Canadian architects create a new declaration to commit to fighting the climate crisis (Photo: Sergey Zolkin / Unsplash)

Canadian architects commit to fighting climate change with new declaration

As students take to the streets around the world to demand action on climate change, Canadian architects are also engaged in the fight against this global issue.

Today, the Royal Architectural Institute of Canada’s (RAIC) Committee on Regenerative Environments is calling on Canadian architectural and design firms to commit to combating the climate crisis by signing a new Canadian Architects Declare pledge.

Architects all over the world support students in the Global Climate Strikes, some even take part in them or let their employees do so.

These demonstrations come ahead of the UN Climate Action Summit in New York next week.

In Canada, a nationwide demonstration is scheduled for September 27, during which students and adults will go on strike to demand climate action. Young Swedish activist Greta Thunberg will be in Montreal to participate in the march.

To understand what the declaration, titled Canadian Architectural Professionals Declare Climate and Biodiversity Emergency and Commit to Urgent and Sustained Action, meant, we spoke to Mona Lemoine, MRAIC, chair of the committee and an architect based in Vancouver, BC.

(Photo: Mona Lemoine)

Concrete actions to be taken

As Lemoine explains, architects have a real power of change in the face of climate change. I asked her what they can concretely do: 

An example of sustainable project: the VanDusen Botanical Garden Visitor Centre in Vancouver (Photo: Nic Lehoux / Courtesy: Perkins and Will)

Lemoine’s firm already is already working on sustainable projects such as the VanDusen Botanical Garden Visitor Centre in Vancouver. 

The declaration also gives specifications as to the actions architects can take and should take if they sign this declaration, including:

  • Design for holistic reductions in greenhouse gas emissions.
  • Advocate for investments in a rapid transition to resilient climate-positive alternatives.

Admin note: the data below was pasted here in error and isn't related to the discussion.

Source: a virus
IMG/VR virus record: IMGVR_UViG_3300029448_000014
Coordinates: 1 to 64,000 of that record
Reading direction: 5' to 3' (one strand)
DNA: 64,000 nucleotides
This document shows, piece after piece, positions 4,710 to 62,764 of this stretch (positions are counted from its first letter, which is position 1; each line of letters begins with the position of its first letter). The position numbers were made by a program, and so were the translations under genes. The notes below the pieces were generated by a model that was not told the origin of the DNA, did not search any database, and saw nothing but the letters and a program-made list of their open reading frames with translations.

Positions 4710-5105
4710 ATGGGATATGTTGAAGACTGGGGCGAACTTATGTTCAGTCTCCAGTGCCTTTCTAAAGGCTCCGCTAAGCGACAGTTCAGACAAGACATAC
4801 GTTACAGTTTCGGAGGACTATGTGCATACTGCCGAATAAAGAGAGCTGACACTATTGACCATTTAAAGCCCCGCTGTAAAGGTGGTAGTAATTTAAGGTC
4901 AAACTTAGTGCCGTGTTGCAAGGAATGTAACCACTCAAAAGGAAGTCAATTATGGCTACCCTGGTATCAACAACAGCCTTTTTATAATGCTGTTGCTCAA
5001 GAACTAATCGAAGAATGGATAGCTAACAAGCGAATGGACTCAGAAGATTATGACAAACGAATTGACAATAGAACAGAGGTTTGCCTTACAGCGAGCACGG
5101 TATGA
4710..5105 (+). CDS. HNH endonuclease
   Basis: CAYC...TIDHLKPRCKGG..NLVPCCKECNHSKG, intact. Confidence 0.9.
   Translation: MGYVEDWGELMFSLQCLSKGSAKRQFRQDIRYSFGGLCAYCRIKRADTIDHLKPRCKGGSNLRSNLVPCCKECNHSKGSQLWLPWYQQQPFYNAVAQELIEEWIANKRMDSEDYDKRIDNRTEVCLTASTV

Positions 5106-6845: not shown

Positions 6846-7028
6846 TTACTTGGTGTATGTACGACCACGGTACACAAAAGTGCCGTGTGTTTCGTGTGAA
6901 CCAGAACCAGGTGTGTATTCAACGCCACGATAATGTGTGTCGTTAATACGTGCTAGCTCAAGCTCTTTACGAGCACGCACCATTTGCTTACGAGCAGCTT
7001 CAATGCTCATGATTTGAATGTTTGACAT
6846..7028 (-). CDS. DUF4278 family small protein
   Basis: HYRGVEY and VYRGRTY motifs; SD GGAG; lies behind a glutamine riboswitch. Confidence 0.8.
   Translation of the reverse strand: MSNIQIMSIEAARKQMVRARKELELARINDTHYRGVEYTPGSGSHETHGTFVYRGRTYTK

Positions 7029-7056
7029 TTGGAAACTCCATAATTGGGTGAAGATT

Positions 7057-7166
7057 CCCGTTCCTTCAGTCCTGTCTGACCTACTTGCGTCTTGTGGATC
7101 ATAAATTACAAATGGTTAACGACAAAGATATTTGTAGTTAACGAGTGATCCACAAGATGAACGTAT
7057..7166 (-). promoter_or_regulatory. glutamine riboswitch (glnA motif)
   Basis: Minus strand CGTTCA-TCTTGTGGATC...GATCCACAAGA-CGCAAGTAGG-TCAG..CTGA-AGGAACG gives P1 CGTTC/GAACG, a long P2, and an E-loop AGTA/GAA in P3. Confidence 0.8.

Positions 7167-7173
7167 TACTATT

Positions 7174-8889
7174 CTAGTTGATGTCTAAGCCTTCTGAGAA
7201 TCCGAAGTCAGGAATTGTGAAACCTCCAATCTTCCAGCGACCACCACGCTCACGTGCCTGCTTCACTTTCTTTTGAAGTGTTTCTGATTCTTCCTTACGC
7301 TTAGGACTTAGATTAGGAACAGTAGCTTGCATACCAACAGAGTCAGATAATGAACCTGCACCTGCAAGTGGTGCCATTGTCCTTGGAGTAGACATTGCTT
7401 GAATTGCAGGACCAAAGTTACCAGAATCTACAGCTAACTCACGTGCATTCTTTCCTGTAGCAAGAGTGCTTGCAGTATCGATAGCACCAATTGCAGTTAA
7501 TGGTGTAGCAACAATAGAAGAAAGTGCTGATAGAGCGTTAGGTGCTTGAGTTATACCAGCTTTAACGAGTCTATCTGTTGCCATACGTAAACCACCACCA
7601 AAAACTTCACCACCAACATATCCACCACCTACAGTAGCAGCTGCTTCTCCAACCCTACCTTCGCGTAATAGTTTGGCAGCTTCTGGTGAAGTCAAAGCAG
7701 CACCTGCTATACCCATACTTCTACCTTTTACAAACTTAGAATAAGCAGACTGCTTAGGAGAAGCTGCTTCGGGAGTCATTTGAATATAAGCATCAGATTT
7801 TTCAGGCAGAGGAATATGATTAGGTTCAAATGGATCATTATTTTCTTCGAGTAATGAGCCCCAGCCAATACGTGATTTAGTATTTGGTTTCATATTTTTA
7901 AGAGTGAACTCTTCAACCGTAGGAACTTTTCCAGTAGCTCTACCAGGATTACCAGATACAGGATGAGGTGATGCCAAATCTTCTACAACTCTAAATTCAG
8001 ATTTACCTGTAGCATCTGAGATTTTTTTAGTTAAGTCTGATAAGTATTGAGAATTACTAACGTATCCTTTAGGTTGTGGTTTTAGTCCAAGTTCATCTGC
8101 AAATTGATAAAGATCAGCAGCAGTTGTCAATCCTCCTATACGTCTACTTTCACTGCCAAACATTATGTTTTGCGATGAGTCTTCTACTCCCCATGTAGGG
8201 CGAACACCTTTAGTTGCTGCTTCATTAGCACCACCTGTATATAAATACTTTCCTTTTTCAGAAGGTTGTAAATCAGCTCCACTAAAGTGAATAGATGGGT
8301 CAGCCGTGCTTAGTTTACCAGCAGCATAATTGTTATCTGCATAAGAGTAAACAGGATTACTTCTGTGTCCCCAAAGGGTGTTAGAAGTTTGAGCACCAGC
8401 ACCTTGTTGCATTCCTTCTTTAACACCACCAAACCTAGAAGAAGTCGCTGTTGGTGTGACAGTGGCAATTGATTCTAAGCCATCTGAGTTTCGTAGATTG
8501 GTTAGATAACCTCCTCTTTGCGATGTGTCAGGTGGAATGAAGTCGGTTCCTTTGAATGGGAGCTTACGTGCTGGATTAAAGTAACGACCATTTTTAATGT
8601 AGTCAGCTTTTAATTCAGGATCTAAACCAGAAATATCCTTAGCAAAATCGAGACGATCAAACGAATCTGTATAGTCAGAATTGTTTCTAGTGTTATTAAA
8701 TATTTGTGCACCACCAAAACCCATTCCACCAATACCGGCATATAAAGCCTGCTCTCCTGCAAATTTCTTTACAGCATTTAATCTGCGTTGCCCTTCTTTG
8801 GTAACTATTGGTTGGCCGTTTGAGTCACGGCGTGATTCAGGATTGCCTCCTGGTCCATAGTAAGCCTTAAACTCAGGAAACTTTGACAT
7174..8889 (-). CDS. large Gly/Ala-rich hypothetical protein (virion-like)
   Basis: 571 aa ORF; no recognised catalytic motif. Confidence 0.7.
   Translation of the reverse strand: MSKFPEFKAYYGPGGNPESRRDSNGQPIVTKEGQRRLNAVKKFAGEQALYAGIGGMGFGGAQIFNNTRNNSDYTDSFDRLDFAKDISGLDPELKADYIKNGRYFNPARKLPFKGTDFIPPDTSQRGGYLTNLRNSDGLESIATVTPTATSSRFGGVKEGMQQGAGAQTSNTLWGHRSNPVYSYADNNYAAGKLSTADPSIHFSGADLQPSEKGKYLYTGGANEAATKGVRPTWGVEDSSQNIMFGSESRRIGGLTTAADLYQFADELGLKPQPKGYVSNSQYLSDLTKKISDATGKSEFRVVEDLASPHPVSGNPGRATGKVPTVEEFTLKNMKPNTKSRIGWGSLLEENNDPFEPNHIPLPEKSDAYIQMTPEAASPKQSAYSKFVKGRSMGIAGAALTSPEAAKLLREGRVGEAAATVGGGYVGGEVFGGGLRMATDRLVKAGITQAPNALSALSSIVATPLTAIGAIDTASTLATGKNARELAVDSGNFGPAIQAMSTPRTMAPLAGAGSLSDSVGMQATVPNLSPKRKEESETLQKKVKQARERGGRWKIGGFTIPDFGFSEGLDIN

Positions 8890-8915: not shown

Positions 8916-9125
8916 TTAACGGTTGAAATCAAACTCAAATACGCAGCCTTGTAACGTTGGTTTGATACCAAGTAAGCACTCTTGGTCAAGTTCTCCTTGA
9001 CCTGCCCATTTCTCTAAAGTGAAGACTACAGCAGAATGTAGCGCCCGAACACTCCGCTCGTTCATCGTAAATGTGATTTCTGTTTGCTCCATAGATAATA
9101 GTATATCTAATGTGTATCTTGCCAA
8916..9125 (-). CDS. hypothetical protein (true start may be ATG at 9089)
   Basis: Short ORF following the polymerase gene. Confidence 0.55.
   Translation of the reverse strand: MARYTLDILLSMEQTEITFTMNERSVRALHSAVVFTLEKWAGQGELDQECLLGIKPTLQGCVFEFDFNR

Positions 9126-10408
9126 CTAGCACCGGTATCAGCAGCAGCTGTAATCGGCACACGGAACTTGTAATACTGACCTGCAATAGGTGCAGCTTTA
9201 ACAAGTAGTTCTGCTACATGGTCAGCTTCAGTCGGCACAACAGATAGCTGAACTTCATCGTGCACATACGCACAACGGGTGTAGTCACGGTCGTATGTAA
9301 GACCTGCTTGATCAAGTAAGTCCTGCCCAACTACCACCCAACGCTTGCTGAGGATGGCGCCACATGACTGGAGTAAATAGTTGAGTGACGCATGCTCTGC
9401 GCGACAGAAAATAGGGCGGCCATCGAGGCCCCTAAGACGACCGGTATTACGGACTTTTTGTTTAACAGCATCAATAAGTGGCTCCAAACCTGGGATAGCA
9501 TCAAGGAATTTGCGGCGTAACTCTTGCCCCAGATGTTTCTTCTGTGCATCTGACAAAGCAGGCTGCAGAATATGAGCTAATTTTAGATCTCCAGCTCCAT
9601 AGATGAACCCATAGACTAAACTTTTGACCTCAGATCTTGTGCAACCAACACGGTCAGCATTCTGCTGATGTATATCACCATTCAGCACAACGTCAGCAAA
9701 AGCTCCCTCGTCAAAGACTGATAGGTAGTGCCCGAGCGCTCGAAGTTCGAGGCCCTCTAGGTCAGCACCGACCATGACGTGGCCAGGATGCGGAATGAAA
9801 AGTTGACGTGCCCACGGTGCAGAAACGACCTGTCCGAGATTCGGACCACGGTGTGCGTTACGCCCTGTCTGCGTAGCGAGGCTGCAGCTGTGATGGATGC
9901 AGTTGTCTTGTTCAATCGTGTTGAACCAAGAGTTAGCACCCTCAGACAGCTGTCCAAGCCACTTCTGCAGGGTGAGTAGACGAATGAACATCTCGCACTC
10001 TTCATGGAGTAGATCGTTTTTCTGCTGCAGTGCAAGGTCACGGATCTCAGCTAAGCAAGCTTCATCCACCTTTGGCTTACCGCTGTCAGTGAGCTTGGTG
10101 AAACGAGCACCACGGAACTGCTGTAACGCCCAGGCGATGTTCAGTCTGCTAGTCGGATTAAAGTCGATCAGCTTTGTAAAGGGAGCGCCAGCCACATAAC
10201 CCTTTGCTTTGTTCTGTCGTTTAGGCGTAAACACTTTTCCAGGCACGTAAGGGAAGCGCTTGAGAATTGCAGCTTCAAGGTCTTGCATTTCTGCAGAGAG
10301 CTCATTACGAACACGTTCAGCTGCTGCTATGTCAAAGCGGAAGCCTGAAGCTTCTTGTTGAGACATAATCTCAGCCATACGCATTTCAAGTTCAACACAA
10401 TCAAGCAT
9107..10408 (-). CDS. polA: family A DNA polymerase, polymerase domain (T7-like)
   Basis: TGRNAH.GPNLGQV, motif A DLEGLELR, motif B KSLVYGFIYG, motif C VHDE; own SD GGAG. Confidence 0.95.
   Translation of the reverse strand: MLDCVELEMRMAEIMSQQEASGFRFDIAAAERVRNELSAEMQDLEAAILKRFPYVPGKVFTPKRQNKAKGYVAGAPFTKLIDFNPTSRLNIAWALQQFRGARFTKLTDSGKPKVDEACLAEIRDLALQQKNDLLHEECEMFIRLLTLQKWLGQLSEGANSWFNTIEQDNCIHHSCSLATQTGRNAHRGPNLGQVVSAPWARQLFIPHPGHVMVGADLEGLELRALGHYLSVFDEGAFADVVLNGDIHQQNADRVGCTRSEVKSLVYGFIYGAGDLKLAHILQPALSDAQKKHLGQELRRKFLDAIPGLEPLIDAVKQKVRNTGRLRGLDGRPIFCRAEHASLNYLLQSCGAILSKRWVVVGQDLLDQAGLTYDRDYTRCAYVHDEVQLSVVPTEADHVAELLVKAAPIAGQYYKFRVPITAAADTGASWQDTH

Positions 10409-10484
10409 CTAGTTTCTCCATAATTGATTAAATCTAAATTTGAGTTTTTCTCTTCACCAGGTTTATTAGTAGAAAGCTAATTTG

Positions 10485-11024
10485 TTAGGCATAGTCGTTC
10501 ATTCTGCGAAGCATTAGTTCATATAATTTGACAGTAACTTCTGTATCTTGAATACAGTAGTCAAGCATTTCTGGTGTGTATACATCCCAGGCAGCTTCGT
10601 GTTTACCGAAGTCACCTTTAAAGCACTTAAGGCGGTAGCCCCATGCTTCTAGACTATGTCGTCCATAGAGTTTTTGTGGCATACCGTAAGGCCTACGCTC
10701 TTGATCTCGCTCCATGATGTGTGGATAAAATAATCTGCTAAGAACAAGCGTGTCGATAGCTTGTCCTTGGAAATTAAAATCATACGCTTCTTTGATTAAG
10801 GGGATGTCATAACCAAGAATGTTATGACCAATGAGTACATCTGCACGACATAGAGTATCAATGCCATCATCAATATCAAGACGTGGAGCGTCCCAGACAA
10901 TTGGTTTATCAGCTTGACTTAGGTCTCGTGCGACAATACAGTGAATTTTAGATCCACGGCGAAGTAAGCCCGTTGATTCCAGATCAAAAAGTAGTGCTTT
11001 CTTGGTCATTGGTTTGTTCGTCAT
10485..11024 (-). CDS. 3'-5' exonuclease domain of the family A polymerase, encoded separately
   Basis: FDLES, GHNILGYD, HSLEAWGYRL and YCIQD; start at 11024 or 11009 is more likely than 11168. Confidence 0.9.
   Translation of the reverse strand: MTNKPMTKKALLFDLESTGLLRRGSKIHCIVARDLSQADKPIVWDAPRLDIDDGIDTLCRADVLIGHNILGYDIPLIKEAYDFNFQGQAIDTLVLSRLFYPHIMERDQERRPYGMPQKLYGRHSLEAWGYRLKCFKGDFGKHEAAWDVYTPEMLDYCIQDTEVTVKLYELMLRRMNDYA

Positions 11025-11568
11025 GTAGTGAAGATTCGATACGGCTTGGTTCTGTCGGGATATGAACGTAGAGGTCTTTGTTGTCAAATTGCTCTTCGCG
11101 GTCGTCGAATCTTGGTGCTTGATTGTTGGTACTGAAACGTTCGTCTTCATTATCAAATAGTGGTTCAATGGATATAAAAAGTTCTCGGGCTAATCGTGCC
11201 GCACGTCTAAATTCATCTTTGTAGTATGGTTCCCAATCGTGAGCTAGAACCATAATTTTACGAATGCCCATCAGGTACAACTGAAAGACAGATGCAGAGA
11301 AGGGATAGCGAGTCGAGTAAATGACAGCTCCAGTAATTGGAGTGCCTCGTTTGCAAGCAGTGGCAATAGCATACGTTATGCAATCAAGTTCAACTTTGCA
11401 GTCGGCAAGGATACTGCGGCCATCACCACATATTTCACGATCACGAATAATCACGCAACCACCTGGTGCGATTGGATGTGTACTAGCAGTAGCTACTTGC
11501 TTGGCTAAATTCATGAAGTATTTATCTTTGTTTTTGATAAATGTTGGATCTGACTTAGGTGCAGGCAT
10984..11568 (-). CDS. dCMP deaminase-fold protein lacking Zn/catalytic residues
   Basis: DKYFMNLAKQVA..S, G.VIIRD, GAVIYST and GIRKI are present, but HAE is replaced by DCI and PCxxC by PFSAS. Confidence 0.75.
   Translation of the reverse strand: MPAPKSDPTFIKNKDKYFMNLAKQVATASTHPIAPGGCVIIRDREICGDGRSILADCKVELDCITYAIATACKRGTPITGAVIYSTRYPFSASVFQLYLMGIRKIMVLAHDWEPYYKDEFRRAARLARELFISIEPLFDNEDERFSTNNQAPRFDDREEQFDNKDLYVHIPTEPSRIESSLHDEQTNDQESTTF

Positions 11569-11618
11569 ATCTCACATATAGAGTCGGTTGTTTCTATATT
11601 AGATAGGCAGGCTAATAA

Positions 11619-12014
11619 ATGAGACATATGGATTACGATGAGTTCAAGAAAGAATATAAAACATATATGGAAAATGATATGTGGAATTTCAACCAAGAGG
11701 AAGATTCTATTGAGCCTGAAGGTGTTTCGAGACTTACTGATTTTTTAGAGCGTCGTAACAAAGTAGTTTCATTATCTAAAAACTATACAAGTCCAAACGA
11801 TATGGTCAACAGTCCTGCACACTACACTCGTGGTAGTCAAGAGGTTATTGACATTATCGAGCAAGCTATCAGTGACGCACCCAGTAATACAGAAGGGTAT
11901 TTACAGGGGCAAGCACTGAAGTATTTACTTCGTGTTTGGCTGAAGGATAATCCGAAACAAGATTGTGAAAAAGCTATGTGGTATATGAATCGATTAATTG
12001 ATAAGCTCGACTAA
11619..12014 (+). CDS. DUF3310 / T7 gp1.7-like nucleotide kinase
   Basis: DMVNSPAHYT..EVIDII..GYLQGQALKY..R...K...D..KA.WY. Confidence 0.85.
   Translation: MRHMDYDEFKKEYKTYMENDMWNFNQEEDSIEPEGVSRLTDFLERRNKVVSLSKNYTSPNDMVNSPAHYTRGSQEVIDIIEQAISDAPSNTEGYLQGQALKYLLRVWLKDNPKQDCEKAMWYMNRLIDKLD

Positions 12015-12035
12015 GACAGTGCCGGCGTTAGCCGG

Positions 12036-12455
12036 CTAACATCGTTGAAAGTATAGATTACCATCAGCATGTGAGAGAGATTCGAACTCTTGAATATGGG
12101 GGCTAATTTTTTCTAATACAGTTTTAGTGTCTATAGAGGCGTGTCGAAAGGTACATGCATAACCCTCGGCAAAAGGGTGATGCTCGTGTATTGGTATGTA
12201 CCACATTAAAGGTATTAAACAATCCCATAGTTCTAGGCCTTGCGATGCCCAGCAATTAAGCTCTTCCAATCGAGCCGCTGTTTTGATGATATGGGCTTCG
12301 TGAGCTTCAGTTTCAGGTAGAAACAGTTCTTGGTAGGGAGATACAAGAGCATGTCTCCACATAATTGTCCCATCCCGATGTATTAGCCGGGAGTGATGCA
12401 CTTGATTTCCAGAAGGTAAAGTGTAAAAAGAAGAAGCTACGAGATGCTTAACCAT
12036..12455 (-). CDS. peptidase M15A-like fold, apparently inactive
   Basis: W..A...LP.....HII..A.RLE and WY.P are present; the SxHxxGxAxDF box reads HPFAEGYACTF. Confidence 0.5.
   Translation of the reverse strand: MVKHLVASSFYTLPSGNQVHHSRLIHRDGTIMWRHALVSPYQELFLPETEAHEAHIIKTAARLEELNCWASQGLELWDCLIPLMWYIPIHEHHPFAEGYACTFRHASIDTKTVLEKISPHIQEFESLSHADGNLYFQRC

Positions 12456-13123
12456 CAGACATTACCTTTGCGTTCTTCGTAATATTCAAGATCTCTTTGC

• Eliminate waste and harm and support a quick transition to circular economies.
  • Design for holistic health, resilience, and regeneration; respecting the rights and wisdom of Indigenous Peoples.
  • Adopt regenerative design principles and practices to design and develop projects and environments that go beyond the standard of net zero in use.
  • Advocate for the rapid systemic changes required to address the climate and ecological health crises, as well as the policies, funding priorities, and implementation frameworks that support them.

“Our interconnected crises of climate breakdown, ecological degradation, and societal inequity are the most serious issues of our time,” says the Canadian statement.

WATCH – Project consisting of a mixed-use transit-oriented development in Vancouver by Marine Gateway (Courtesy: Perkins and Will).

The design, construction, and operation of our built environment accounts for nearly 40% of energy-related carbon dioxide emissions, and pervasively impacts our societies and the health of the living systems that sustain us.Canadian Architectural Professionals Declare Climate and Biodiversity Emergency and Commit to Urgent and Sustained Action

This idea of creating a Canadian declaration for architects is the first of its kind, as Mona Lemoine explained to me:

Interior of the VanDusen Botanical Garden Visitor Centre (Photo: Nic Lehoux / Courtesy: Perkins and Will)

RAIC’s committee encourages architects, designers, but also architectural firms to sign the declaration.

If you are interested, you can go to There you can register your practice or your organisation.

Categories: Environment & Animal Life, International
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